set default jdk using alternatives

https://access.redhat.com/documentation/en-US/JBoss_Enterprise_Web_Platform/5/html/Installation_Guide/sect-use_alternatives_to_set_default_JDK.html

 

⁠C.4.  Setting the default JDK with the /usr/sbin/alternatives Utility

/usr/sbin/alternatives is a tool for managing different software packages that provide the same functionality.Red Hat Enterprise Linux uses /usr/sbin/alternatives to ensure that only one Java Development Kit is set as the system default at one time.

Important

Installing a Java Development Kit from the Red Hat Network will normally result in an automatically configured system. However, if multiple JDKs are installed, it is possible that /usr/sbin/alternativesmay contain conflicting configurations. Refer to Procedure C.4, “ Using /usr/sbin/alternatives to Set the Default JDK ” for syntax of the /usr/sbin/alternatives command.

Procedure C.4.  Using /usr/sbin/alternatives to Set the Default JDK

  1. Become the root user.

    /usr/sbin/alternatives needs to be run with root privileges. Use the su command or other mechanism to gain these privileges.
  2. Set java.

    Input this command: /usr/sbin/alternatives --config java
    Next, follow the on-screen directions to ensure that the correct version of java is selected. Table C.1, “javaalternative commands” shows the relevant command settings for each of the different JDKs.

    Table C.1. java alternative commands

    JDK alternative command
    OpenJDK 1.6 /usr/lib/jvm/jre-1.6.0-openjdk/bin/java
    Sun Microsystems JDK 1.6 /usr/lib/jvm/jre-1.6.0-sun/bin/java
  3. Set javac.

    Enter this command: /usr/sbin/alternatives --config javac
    Follow the on-screen directions to ensure that the correct version of javac is selected. Table C.2, “javacalternative commands” shows the appropriate command settings for the different JDKs.

    Table C.2. javac alternative commands

    JDK alternative command
    OpenJDK 1.6 /usr/lib/jvm/java-1.6.0-openjdk/bin/javac
    Sun Microsystems JDK 1.6 /usr/lib/jvm/java-1.6.0-sun/bin/javac
  4. Extra Step: Set java_sdk_1.6.0.

    The Sun Microsystems JDK 1.6 requires an additional command be run:
    /usr/sbin/alternatives --config java_sdk_1.6.0
    Follow the on-screen directions to ensure that the correct java_sdk is selected. It is /usr/lib/jvm/java-1.6.0-sun.

example to use keytool to set up public/private keys

  1. Run the following two commands to generate keystore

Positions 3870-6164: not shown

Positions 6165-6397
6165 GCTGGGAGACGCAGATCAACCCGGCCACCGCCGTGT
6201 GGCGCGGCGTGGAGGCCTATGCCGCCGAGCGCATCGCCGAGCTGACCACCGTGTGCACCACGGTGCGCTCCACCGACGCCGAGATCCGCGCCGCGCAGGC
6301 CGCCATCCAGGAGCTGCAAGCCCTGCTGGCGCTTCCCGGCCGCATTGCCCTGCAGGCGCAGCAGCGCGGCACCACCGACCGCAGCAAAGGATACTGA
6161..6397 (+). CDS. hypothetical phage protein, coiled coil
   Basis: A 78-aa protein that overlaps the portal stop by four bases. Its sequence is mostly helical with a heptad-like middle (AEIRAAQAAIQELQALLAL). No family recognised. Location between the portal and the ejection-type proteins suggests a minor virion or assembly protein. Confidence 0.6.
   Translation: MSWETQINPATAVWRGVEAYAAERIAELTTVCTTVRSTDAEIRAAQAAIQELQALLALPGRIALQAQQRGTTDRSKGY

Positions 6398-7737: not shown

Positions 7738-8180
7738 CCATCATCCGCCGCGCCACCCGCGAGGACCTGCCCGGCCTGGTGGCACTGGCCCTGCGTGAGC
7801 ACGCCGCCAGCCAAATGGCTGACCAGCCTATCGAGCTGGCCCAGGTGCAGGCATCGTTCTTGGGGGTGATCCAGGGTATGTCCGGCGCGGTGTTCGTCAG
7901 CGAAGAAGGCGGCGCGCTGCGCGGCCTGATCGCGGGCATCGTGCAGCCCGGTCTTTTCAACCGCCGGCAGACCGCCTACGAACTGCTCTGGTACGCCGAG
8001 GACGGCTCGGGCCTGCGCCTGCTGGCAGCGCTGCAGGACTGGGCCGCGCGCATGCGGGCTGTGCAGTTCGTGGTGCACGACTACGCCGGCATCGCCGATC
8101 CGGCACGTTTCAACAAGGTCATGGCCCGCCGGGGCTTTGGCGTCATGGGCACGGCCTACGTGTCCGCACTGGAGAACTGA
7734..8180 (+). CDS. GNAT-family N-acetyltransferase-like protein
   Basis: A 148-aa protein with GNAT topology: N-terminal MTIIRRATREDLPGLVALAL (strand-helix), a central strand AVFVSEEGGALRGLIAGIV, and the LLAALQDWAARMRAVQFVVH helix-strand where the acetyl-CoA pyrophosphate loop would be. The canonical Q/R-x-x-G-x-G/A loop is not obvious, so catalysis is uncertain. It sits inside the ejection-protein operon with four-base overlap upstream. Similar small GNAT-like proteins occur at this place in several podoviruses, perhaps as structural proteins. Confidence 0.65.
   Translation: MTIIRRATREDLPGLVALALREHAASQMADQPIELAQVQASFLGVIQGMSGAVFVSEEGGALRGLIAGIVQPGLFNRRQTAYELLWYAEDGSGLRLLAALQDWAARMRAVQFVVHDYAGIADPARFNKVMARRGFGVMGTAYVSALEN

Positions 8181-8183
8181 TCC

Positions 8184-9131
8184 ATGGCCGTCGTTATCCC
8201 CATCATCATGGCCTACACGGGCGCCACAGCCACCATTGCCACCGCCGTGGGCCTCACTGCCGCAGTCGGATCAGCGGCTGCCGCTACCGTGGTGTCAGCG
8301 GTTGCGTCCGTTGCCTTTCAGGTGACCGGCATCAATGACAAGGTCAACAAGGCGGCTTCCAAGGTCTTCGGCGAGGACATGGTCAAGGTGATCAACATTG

keytool –genkeypair –alias dlkey -keypass password -storetype jks –keystore dlkeystore.jks -storepass password -validity 365 -keyalg RSA
  2. Export certificate of private key dlkey
    keytool –exportcert –alias dlkey -file dlkey.cert -keystore dlkeystore.jks -storepass password
  3. Send the dlkey.cert (public key) to target server.
  4. Run the following command to import the server certificate (fnet.net.cer) to keystore

keytool –importcert –file fnet.net.cer -alias dlcert -keypass password -keystore dlkeystore.jks –storepass password

Insert “YES” and “NO” to boolean filed type in DB (char(1), etc)

(from: http://stackoverflow.com/questions/1154833/configure-hibernate-using-jpa-to-store-y-n-for-type-boolean-instead-of-0-1)

Hibernate has a built-in “yes_no” type that would do what you want. It maps to a CHAR(1) column in the database.

Basic mapping: <property name="some_flag" type="yes_no"/>

Annotation mapping (Hibernate extensions):

@Type(type="yes_no")
public boolean getFlag();

here is also a “true_false” type that will store either “T” or “F”.

A pure JPA solution:

As of 2013/2014 it is the best answer without using any Hibernate specific annotations, but please note this solution is JPA 2.1, and was not available when the question was first asked:

@Entity
public class Person {    

    @Convert(converter=BooleanToStringConverter.class)
    private Boolean isAlive;    
    ...
}

And then:

@Converter
public class BooleanToStringConverter implements AttributeConverter<Boolean, String> {

    @Override
    public String convertToDatabaseColumn(Boolean value) {        
        return (value != null && value) ? "Y" : "N";            
        }    

    @Override
    public Boolean convertToEntityAttribute(String value) {
        return "Y".equals(value);
        }
    }